Afghan women are now fighting for their place on the peace talks table. We have to support them in their newest battle
21st June 2019, By Swarna Rajagopalan
Recently, more than 75 members of the US Congress signed a letter urging the US administration to keep its statutory commitment to promote women’s participation in peace processes by insisting on the inclusion of Afghan women in the talks with the Taliban. This followed an intensive advocacy campaign by Afghan women and their supporters in the US to rally such support.
As I have shared my excitement about the successful advocacy efforts in the US on the issue of Afghan women’s participation, I have had people look back at me blankly. Afghanistan? War? Taliban? Women, what women?
For Afghan women, who have protested and lobbied energetically on the ground to defend their rights and shared their views online using hashtags like #AfghanWomenWillNotGoBack and #MyRedLine, this feels like a life and death struggle. Women’s advocacy for participation within their country is natural and their efforts in Washington DC make sense given American involvement in Afghan affairs. But in the rest of South Asia, there appears no ripple. The lack of interest and attention is stunning and preposterous.
Why do we not care that Afghan women are not included in decision-making about their rights? Perhaps it is because we do not care about the exclusion of women in our own countries? Perhaps it is because Afghanistan is so far away? Perhaps it is because we find it natural for men to be the primary participants in decisions about war and peace? Perhaps it is because we do not know enough? Perhaps we are too preoccupied with our daily struggle to find water or to find work? Why do I care about Afghan women participating in the peace talks? Why should you care?
My concern comes from reading about the challenges Afghan women have faced, their indomitable courage and creative resilience. In 2001, the plight of women under the Taliban regime was proffered as one justification for US military action. Stories had already been circulating about how women and girls could not go to school or work, and how arbitrary justice had become. Nevertheless, when the Taliban fell, we got to learn about countless instances of women’s creative and courageous push-back—with underground schools and home ateliers for weaving and embroidery, for instance—and women stepped back into the public sphere as if they had never left. They were now serving as lawyers and judges, as doctors and nurses, as politicians, as social workers, as cops and in the vanguard for peace and social change.
In a bid to withdraw from Afghanistan, the US has opened talks with the Taliban. While women believe negotiation is the way ahead, they rightly reject as futile a negotiation without women at the table and without the elected government of Afghanistan. The Taliban states it will not roll back women’s rights but if women cannot sit at the table and win those guarantees and safeguards for themselves, how can they believe this?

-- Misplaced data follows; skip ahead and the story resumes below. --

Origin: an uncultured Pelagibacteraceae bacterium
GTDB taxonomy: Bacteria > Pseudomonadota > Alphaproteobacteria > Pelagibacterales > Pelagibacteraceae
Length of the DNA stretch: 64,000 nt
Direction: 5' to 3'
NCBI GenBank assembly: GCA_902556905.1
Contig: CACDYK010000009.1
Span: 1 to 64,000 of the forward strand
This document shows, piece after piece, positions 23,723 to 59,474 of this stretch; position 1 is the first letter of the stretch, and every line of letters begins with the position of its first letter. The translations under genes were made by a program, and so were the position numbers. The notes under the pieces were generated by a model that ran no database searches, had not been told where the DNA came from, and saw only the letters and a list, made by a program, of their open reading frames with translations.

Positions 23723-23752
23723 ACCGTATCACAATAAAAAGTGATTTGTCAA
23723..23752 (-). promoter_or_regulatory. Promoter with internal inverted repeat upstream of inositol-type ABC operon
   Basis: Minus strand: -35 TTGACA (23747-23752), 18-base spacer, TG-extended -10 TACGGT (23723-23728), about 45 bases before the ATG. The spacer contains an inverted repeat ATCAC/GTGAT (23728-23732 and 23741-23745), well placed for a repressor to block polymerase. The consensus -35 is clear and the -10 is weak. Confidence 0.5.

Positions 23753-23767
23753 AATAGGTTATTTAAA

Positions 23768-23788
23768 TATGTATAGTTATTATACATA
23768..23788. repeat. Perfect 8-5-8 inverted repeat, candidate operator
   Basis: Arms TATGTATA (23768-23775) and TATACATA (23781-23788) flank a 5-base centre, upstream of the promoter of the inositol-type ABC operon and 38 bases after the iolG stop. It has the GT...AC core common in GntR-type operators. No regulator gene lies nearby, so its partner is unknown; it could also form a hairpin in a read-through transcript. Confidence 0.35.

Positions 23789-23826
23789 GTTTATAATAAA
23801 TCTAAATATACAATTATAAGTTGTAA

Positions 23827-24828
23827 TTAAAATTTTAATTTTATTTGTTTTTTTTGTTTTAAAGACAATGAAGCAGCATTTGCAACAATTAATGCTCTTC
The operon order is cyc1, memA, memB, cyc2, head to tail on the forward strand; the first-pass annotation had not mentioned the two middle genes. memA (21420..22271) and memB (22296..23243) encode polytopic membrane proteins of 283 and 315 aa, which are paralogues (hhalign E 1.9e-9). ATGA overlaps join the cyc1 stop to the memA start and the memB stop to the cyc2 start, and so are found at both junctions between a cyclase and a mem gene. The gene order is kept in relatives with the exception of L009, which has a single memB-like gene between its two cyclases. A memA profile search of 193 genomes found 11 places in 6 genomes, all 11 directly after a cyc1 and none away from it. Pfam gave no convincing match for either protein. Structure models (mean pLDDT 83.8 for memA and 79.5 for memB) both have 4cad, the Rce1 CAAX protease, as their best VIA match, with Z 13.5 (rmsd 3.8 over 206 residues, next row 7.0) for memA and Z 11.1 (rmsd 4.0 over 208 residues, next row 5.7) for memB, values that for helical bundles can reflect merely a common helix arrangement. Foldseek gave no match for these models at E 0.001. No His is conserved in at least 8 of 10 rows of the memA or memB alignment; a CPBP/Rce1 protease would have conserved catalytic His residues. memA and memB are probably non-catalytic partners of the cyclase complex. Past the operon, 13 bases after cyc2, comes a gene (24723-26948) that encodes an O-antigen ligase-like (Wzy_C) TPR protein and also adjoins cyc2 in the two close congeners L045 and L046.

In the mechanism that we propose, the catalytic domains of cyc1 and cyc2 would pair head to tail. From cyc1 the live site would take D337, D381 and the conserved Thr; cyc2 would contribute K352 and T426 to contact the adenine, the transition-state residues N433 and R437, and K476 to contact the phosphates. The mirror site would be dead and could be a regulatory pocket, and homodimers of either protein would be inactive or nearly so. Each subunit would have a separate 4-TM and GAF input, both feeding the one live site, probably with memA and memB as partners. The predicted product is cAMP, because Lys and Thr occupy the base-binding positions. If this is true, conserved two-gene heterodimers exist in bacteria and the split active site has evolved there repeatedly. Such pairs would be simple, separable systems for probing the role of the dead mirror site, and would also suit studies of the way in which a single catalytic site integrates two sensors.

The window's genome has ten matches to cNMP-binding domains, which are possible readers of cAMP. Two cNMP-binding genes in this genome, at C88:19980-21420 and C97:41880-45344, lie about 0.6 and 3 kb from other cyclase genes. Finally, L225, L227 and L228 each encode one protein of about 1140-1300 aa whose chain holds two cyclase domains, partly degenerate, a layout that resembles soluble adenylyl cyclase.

My engagement comes from the privilege of working closely with Afghan feminist peace-builders over several years and knowing that a peace process that ignores their expertise will flounder. Afghan women have used every small opening and opportunity to speak for their rights and for peace. They are not helpless, withering, witless victims to be rescued when outsiders choose. They are experts on their own experience and needs and on the politics of their country.
History shows that peace processes that include women and women’s concerns survive longer. An Afghan peace brokered without Afghan women’s expert participation will be based on an incomplete understanding of the experience of war and the needs of peace-time reconstruction. It will not hold.
The Afghan peace process involves two countries that created National Action Plans committed to implementing UN Security Council Resolution 1325 which mandates women’s participation in conflict resolution and peace-building. Despite this, if women are excluded from the peace process and if the resultant agreements roll back hard-won human rights gains, we should be concerned. If official compliance with this norm does not guarantee the participation of women, what can women in India (which considers it irrelevant) expect?
Resolution 1325 mandates women’s participation and also prevention of and protection from sexual and gender-based violence, ending impunity; and gender-sensitive relief and reconstruction. After communal riots; insurgency and counter-insurgency operations; inter-caste violence; displacement and disasters, the existence of this globally agreed mandate will not protect women in India. Women’s rights will continue to be in abeyance during complex emergencies. The exclusion of Afghan women, despite national and international commitments to inclusion, bodes ill for women’s rights everywhere.
Kabul, Kandahar and Herat are far from Chennai, Bengaluru and Bhubaneswar, but our lives are connected. We must learn from Afghan women’s struggles that our own rights are never fully secure. We must be ever-vigilant to keep them. Supporting their right to write the future of Afghanistan sends a message to our government that we wish to be included in any peace initiatives in our own ‘disturbed areas.’ There can be neither peace nor democratic politics without women. Our civil and political rights are non-negotiable; that is why we must stand with those who insist #Afghan-WomenWillNotGoBack.
Political scientist and a member of the Women’s Regional Network